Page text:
Visitors to the Adhocracy show at the Istanbul Design Biennial are confronted with a plotter taking the text of the Open Source Architecture Manifesto from a Wikipedia page and writing it onto a wall. (+ slideshow)
Created by Walter Nicolino and Carlo Ratti of Carlo Ratti Associati, the plotter updates the text as the Wikipedia page changes.
The project began last year when Joseph Grima, editor of Domus magazine and curator of the Adhocracy show, asked Ratti to write a manifesto for open-source architecture.
"I said yeah sure, but let’s do it in an open-source way," Ratti told Dezeen. "So we set up a page on Wikipedia."
Ratti, who is director of the Senseable City Lab at MIT, invited contributors including Nicholas Negroponte, John Habraken, Paola Antonelli and Hans Ulrich Obrist to contribute to the page to create an evolving document that was published in Domus in June 2011.
"It’s funny because the editors of Wikipedia kept erasing it until it was published in Domus, and then it became kind of 'legal'," says Ratti. "So now it is a page on Wikipedia and people keep on adding to it, changing it and so on. It keeps on evolving."
In Istanbul the suspended plotter writes the manifesto on a large whiteboard mounted on the wall on the staircase at the Adhocracy exhibition, crossing out and overwriting passages as they are edited on Wikipedia and starting afresh as soon as the text is completed.
The plotter is based on similar principles to Hektor, a wall-mounted plotter that paints with a spray can. "There was a prototype of a similar plotter called Hektor – there’s a couple of them online that were doing things on a piece of paper," says Ratti. "But here the idea was to do it on an architectural scale, on a big wall."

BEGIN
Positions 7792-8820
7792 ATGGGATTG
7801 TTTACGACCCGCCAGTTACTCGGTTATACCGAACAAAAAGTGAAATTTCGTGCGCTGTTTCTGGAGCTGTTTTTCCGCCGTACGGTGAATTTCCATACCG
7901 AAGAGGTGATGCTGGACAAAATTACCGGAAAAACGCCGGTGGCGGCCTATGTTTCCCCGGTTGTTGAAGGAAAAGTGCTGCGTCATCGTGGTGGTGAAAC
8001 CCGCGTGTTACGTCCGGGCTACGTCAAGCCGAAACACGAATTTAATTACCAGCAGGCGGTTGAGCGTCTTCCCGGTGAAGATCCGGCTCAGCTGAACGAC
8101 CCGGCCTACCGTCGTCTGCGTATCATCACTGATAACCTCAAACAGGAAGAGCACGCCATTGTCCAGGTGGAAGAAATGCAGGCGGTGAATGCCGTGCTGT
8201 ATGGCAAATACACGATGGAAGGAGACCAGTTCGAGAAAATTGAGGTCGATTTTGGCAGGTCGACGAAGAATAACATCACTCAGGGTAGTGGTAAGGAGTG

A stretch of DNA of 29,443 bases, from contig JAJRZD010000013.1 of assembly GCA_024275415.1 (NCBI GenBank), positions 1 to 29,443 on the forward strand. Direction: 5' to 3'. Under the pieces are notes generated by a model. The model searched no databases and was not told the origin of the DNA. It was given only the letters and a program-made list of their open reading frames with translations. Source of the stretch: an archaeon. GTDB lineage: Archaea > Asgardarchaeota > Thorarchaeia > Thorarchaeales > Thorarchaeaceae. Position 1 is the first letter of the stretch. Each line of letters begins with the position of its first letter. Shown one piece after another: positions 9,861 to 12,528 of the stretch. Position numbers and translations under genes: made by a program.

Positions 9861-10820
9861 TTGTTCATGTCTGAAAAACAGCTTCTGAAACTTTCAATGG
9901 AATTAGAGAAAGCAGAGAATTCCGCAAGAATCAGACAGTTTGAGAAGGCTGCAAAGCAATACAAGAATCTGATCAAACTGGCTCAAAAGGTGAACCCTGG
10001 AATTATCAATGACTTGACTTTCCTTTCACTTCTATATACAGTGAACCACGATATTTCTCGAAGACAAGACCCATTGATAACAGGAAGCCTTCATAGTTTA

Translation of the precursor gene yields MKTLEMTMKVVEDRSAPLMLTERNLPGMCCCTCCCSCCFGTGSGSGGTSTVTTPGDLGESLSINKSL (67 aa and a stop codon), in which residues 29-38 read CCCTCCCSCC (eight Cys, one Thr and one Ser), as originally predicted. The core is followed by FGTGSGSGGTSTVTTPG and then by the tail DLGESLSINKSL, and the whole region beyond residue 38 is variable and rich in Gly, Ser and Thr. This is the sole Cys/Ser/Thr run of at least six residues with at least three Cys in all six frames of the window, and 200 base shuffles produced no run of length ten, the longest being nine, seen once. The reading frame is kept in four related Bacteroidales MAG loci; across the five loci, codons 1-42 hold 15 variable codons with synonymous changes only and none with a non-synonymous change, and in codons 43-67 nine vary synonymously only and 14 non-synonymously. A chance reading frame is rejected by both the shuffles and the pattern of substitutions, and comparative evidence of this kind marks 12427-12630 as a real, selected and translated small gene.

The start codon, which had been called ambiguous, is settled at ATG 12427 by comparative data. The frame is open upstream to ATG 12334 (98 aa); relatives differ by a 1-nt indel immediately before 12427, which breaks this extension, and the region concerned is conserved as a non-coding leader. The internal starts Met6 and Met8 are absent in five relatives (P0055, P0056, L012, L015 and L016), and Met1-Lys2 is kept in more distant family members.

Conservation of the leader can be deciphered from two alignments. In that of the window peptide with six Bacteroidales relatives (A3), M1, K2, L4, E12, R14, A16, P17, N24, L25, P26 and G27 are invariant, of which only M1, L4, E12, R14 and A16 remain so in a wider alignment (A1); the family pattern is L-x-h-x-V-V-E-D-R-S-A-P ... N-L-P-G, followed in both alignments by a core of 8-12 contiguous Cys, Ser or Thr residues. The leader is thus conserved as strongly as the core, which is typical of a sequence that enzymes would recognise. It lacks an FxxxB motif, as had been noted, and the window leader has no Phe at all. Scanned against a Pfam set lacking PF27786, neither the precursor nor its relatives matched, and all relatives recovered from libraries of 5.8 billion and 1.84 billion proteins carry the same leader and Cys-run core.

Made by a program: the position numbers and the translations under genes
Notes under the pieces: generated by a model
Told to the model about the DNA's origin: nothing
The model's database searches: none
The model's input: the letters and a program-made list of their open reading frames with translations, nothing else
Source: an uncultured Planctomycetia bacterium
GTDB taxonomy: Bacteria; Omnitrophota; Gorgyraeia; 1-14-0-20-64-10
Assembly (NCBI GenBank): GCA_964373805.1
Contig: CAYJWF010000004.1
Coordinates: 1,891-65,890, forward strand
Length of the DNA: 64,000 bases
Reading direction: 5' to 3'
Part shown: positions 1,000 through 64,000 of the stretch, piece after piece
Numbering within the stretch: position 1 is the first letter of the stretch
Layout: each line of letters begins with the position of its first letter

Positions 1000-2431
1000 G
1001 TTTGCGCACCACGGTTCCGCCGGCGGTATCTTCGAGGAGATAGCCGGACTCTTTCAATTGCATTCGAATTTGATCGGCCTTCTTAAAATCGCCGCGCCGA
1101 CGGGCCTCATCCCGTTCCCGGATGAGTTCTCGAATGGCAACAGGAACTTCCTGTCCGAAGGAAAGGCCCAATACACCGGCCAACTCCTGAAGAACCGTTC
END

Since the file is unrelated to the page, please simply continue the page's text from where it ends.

Here's some text from Carlo Ratti Associati:
Open Source Architecture Manifesto
2012 / Istanbul TURKEY
When Domus approached Carlo Ratti to write an op-ed on the theme of opensource architecture he responded with an unusual suggestion: why not write it collaboratively, as an open-source document? Within a few hours a page was started on Wikipedia, and an invitation sent to an initial network of contributors. The outcome of this collaborative effort is presented in an article published in Domus in June 2011. The article is a capture of the text as of 11 May 2011, but the Wikipedia page remains online as an open canvas — a 21st century “manifesto” of sorts, which by definition is in permanent evolution.
A year after the article’s publication, in the summer of 2012, the idea of recapturing the text in its current state of mutation was born. However, it was not to be envisaged as a new publication, but rather a piece of the exhibition, Adhocracy, curated by Joseph Grima for the first Istanbul Design Biennal. The studio carlorattiassociati envisioned a canvas on which a free flowing pen writes, erases and constantly rewrites the different versions of the Wikipedia page, indicating corrections, deletions and development of the manifesto in its continuous state of change.
A vertical plotter on a large whiteboard welcomes visitors to the exhibition; its contents are generated in real-time from a script that constantly compares the various versions of the Wikipedia page. Starting each time from one of the numerous updates written online, the pen retraces its steps to incorporate all the users’ contributions. Once it reaches the end, it begins once again, relentlessly in pursuit of the latest version of our open source manifesto, OsArc.
For more information, and to read the article published in Domus (June 2011) visit: senseable.mit.edu/osarc
For details of the exhibition Adhocracy, part of the Istanbul Design Biennal running until December 2012 visit: istanbuldesignbiennial.iksv.org/adhocracy.
Team: Carlo Ratti, Walter Nicolino, Pietro Leoni (project leader), Antonio Atripaldi, Giovanni de Niederhausern, Enrico Gueli, Franco Magni
Special thanks to Officine Arduino / FabLab Torino